Monthly Archives: June 2011


Picnic season has finally arrived in Chicago (it feels like summer) and so Sabasalads has been experimenting with various sides and sundries designed for eating outdoors. A trip outside the city limits to Ravinia gave us the opportunity to try a new recipe for the most quintessential picnic food out there- potato salad.

This recipe is a modified version of one by Jamie Oliver, and it calls for a dressing of crème fraîche, olive oil and lemon juice instead of mayonnaise. This results in a lighter tasting but tarter version than the potato salads we’re used to. The result was good, but we missed the taste of mayonnaise. In order to make up for it, we suggest adding a hard-boiled egg to the dressing for that yolky richness. Oliver’s recipe also calls for purple potatoes. You can use a variety like the Russian Blues available at Green City Market, or you can just use new potatoes (as we did) if these aren’t available. As for the herbs, use whatever fresh ones you’ve got on hand, but this is best with savory herbs like dill, chives and thyme. The best part of this recipe is the addition of radishes and daikon, which give it a great crunchy texture.

This is excellent with fried chicken and cold, full-bodied white wine (e.g. Vouvray, Alsace- or Austrian-style Rieslings, or Chardonnays)



1 lb small colorful potatoes (e.g. Russian Blue or new potatoes)

8 oz crème fraîche

2 tbs olive oil

Juice of 1 lemon

1 hard-boiled egg

1 bunch radishes

1 daikon (you could also use carrots)

2-3 handfulls of fresh savory herbs (dill, thyme, chives, marjoram, parsley)

Salt and pepper to taste



Boil the potatoes in salty water until cooked through but still firm. They’re done when you can stick a knife through one easily. When the potatoes are done, strain them and let them cool.

Meanwhile, dice the radishes and daikon into small slivers and chop your herbs finely.

When the potatoes are cool, combine the dry ingredients. At this point, make sure to add plenty of salt and pepper to taste.


To prepare the dressing, chop up the egg and whisk it into the crème fraîche along with the olive oil and lemon until the mixture is consistent. Fold this into the salad to ensure that the whole thing is coated evenly and adjust salt and pepper as necessary.





This soup is one of the easiest and cheapest weeknight meals, but also one of the most satisfying. If you own a pressure cooker, you can prepare black bean soup in around an hour. Unlike the more traditional versions, this recipe uses onion and hot peppers and results in a purée. Thanks to César for this delicious recipe!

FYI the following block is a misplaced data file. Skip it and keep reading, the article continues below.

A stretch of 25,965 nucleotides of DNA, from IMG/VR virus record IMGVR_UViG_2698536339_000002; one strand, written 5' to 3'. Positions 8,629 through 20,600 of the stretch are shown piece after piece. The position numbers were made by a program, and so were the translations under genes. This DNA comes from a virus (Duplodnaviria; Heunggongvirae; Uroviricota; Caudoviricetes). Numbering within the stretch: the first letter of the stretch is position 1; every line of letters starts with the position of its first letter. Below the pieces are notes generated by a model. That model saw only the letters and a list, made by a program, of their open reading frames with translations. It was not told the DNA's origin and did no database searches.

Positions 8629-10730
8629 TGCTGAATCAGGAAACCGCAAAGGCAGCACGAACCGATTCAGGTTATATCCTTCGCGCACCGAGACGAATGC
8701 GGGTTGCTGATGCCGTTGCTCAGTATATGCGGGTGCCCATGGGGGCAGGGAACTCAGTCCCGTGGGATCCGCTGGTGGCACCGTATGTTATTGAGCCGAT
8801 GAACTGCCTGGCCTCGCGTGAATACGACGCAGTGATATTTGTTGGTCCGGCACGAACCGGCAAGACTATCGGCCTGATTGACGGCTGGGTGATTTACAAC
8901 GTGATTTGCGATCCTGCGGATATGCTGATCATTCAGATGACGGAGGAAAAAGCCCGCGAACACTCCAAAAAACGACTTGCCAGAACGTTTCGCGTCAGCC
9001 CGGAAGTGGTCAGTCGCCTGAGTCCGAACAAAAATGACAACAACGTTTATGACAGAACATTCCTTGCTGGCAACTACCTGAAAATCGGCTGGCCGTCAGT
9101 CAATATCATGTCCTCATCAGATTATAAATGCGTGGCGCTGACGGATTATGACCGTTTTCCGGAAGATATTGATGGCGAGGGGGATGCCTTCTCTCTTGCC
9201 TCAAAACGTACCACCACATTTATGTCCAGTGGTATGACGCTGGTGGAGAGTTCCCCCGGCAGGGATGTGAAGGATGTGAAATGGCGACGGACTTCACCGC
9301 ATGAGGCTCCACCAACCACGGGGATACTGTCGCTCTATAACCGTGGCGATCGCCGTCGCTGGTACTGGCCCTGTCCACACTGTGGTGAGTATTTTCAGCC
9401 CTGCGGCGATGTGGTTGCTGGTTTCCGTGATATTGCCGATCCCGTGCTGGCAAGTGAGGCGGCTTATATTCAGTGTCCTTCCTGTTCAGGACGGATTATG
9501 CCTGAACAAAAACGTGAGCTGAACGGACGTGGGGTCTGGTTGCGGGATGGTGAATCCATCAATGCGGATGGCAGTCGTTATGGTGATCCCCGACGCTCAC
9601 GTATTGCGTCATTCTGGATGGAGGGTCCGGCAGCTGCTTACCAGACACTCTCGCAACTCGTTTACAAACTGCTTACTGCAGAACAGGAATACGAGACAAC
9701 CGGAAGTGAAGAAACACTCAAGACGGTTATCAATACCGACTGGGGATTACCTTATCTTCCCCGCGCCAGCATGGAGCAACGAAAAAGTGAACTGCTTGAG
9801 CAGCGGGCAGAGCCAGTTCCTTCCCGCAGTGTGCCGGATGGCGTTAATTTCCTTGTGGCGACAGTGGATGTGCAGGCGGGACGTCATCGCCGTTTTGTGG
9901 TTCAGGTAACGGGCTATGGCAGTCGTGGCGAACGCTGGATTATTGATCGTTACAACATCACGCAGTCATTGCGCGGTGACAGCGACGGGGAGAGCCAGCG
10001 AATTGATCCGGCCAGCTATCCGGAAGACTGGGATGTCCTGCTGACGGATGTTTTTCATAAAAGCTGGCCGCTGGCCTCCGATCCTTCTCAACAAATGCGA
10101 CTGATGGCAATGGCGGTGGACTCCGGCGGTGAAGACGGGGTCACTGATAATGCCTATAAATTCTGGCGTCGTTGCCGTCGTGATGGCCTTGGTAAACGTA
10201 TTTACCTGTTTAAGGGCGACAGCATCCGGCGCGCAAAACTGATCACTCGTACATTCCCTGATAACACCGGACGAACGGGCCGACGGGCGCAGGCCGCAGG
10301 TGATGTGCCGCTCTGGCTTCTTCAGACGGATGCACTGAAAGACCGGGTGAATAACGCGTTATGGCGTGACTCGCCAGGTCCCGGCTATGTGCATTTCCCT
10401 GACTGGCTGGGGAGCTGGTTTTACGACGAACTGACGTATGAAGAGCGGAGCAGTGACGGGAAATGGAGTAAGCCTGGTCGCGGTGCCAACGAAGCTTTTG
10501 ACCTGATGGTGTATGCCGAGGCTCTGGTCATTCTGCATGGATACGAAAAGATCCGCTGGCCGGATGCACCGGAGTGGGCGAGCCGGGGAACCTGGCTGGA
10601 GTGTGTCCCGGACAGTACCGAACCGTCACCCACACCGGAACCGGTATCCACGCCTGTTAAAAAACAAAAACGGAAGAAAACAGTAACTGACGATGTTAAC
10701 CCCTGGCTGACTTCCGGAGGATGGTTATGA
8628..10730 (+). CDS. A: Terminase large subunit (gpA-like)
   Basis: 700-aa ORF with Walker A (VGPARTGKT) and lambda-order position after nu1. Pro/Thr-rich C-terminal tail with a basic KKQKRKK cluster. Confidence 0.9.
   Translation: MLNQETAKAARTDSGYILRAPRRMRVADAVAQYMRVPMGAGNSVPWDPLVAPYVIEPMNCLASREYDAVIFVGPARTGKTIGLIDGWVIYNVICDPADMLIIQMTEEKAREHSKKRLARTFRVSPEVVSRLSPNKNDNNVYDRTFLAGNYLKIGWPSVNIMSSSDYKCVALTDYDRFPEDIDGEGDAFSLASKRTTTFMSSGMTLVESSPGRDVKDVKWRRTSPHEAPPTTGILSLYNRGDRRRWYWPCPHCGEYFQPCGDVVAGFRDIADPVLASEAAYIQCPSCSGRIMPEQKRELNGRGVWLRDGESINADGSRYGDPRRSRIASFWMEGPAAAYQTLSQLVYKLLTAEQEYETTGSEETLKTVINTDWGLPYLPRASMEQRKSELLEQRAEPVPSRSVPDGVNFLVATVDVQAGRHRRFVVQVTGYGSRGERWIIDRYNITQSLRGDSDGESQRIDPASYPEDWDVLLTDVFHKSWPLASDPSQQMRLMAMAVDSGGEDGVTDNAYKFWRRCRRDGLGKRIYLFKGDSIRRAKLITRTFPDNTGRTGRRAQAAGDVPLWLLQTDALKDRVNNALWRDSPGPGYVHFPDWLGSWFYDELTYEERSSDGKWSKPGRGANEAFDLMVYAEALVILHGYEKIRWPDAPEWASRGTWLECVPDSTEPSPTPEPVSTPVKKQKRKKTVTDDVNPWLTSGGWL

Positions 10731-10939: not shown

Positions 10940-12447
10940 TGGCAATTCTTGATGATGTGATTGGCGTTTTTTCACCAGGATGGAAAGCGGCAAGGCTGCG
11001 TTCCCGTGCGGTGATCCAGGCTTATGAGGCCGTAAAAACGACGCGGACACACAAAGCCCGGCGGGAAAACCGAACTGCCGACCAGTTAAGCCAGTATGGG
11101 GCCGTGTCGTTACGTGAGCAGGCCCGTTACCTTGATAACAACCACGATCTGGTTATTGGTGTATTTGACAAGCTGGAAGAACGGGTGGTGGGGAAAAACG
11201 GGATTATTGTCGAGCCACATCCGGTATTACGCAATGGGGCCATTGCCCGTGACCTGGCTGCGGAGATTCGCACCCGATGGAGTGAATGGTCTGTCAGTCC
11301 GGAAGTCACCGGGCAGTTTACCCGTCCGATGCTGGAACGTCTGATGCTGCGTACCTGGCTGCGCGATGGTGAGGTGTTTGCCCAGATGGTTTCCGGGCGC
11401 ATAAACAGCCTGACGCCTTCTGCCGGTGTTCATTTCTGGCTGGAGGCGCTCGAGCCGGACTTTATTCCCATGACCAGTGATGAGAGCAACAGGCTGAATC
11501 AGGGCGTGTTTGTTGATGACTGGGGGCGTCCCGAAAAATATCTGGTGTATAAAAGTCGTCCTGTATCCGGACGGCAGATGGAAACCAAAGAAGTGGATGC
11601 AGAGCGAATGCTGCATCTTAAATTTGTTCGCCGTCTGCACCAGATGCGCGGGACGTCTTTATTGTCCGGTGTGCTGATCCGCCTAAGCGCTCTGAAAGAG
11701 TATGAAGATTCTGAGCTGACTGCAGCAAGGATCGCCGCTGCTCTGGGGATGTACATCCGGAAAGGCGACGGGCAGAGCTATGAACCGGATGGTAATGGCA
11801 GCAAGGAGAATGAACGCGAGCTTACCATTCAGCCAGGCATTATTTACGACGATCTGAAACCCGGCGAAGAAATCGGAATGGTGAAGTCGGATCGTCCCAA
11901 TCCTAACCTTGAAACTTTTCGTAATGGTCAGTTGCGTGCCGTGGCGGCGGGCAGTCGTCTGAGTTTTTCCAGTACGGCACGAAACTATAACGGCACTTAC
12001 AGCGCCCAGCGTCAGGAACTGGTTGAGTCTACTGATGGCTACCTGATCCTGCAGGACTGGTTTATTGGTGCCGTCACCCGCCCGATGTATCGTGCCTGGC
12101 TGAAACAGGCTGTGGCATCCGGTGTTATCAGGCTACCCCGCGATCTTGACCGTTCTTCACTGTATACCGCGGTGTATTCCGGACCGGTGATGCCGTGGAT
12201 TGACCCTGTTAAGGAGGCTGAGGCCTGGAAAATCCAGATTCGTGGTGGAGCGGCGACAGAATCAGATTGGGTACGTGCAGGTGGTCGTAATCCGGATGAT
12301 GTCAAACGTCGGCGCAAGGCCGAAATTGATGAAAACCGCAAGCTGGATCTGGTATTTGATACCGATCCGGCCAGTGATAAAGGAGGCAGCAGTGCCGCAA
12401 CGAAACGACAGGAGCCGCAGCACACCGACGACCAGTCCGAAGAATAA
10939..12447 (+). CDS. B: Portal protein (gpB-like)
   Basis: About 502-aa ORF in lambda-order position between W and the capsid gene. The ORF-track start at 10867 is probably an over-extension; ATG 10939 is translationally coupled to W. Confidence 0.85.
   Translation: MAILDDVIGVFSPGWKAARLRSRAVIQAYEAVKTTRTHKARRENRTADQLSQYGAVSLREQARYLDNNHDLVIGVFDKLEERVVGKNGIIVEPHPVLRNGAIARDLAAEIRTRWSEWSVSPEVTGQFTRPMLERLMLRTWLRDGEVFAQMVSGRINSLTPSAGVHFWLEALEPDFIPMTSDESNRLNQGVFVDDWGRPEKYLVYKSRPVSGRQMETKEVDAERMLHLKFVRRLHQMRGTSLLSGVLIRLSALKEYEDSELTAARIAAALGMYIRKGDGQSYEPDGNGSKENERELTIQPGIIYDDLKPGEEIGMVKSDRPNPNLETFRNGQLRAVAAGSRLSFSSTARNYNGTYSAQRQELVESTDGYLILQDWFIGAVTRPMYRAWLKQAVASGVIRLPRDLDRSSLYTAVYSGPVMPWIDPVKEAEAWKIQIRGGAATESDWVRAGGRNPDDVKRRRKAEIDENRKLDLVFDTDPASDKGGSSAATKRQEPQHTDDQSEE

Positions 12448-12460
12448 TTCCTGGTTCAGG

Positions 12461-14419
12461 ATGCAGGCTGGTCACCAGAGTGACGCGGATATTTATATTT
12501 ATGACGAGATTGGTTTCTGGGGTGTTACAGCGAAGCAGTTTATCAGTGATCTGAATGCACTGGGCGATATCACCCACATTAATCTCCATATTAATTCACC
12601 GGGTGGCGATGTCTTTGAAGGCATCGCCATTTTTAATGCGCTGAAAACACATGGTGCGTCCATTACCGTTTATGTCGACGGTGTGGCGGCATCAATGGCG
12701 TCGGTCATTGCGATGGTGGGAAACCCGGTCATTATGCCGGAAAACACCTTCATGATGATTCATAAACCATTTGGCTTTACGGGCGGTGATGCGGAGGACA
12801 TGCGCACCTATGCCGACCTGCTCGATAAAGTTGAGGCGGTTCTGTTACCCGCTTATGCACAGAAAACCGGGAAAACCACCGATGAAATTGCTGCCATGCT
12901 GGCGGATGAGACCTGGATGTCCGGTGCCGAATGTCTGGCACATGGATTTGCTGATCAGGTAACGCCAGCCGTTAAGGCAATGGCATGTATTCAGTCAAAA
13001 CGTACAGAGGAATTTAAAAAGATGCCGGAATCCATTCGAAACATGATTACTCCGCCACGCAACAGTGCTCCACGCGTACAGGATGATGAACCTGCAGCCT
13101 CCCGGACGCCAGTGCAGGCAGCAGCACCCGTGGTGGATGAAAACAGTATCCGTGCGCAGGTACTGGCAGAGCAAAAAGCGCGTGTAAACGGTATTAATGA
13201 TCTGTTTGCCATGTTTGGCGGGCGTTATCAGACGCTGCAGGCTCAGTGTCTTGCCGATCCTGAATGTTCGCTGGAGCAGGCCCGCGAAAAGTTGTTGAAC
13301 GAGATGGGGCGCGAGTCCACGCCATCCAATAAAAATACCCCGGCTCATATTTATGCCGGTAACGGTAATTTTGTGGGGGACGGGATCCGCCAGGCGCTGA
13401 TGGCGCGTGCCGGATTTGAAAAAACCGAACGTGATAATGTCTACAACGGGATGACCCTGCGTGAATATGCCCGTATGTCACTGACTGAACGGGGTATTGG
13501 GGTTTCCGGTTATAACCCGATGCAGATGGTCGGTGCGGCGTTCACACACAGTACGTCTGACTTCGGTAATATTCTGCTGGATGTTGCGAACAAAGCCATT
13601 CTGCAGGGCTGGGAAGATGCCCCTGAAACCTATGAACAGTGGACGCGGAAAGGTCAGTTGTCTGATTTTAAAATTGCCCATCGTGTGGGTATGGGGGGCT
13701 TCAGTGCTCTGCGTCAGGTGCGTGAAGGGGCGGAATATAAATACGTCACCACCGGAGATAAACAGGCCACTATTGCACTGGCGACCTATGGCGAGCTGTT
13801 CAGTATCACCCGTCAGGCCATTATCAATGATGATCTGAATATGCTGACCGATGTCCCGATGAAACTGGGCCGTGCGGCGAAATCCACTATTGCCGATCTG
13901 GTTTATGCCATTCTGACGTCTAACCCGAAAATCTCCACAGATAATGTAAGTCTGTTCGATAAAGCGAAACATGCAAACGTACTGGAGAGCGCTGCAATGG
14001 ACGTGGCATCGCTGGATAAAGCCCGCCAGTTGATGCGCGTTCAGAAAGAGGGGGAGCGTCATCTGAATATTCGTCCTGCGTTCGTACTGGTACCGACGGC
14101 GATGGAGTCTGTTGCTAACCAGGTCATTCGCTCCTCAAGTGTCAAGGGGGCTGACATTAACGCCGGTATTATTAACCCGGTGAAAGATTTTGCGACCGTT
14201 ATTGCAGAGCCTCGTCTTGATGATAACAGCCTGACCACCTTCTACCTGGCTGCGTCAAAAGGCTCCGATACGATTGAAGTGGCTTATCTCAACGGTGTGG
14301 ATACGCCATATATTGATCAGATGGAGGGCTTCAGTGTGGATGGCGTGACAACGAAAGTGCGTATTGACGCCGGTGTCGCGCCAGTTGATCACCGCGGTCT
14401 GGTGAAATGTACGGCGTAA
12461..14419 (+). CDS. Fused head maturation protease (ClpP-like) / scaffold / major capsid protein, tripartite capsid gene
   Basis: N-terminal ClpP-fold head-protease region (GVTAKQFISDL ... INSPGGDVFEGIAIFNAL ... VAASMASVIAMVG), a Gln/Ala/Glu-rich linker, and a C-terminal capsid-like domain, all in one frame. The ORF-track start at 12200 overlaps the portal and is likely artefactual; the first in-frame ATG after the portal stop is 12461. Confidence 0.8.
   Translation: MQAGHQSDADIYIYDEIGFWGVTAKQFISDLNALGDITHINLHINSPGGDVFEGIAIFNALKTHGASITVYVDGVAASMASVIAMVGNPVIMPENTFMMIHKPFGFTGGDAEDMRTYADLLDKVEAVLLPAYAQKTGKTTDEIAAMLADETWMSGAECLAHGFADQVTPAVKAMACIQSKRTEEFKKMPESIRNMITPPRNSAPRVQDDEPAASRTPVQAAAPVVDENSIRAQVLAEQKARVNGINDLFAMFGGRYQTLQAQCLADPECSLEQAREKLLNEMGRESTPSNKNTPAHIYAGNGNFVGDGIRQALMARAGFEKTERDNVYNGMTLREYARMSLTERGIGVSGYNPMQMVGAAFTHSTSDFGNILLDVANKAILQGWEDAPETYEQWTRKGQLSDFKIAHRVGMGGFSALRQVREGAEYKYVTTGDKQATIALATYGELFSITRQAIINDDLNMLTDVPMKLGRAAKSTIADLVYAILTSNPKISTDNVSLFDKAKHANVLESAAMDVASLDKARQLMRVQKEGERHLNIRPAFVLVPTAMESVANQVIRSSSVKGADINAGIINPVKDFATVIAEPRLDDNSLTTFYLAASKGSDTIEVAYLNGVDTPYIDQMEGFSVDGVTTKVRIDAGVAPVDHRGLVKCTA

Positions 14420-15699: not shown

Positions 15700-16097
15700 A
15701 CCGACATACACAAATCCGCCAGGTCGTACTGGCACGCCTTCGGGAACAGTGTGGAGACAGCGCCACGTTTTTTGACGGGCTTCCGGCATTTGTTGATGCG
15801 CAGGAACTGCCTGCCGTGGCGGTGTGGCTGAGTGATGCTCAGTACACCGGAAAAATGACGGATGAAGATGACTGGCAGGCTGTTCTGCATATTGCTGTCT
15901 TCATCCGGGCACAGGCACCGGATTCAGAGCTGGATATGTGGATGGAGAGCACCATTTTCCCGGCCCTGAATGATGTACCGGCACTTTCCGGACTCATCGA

1 and 1/4 cup dried black beans

2 quarts cold water *

1 clove of garlic, peeled

1 small white onion

4 jalapeño or serrano chilis

2 tbs olive or vegetable oil

Salt to taste


Optional garnishes:



Crema (Mexican table cream) or crème fraiche – no sour cream!


*If you have a pressure cooker, this is about the amount of water you need. Of course, don’t exceed the mark on the inside of the cooker. If you are using a regular pot, you might need a bit more water.



Put the dried black beans in a pressure cooker and cover with approximately two quarts of cold water. Add 1 tablespoon of the oil, the garlic and a pinch of salt. Seal the pot and bring to a boil. When a steady stream of steam is rising from the valve, turn the heat down to medium-high and cook for 40 minutes. If you don’t have a pressure cooker, you’ll need to boil the beans longer in a regular pot- probably around 2 hours. In this case, cook the beans until they are very tender and have absorbed most of the liquid. You might need to replenish the water once or twice if the beans have absorbed the water but are still firm.

Meanwhile, de-vein the peppers and remove the seeds. Dice these finely with the onion and sauté them in a frying pan with the other tablespoon of oil until the onions turn translucent.

After the 40 minutes are up, take the pressure cooker off the heat and let this sit for around 10 minutes so the steam can escape. When it has sat for a time, remove the lid carefully.

Pour the beans with their liquid into a food processor with the onions and peppers. Blend the mixture until just smooth. Add salt to taste, and a tablespoon of water or so if necessary- you want the mixture to be a thick liquid (still pourable) with some texture. Alternately, you can use emersion blender or potato masher in the pot to get the mixture to the right consistency, as we did.

Reheat the soup over the stove for a few minutes before serving. Serve this with a green salad and a baguette or bolillos and you’ve got yourself an excellent meal. (The salad in the picture below is watercress and feta cheese with a bit of olive oil, salt and pepper).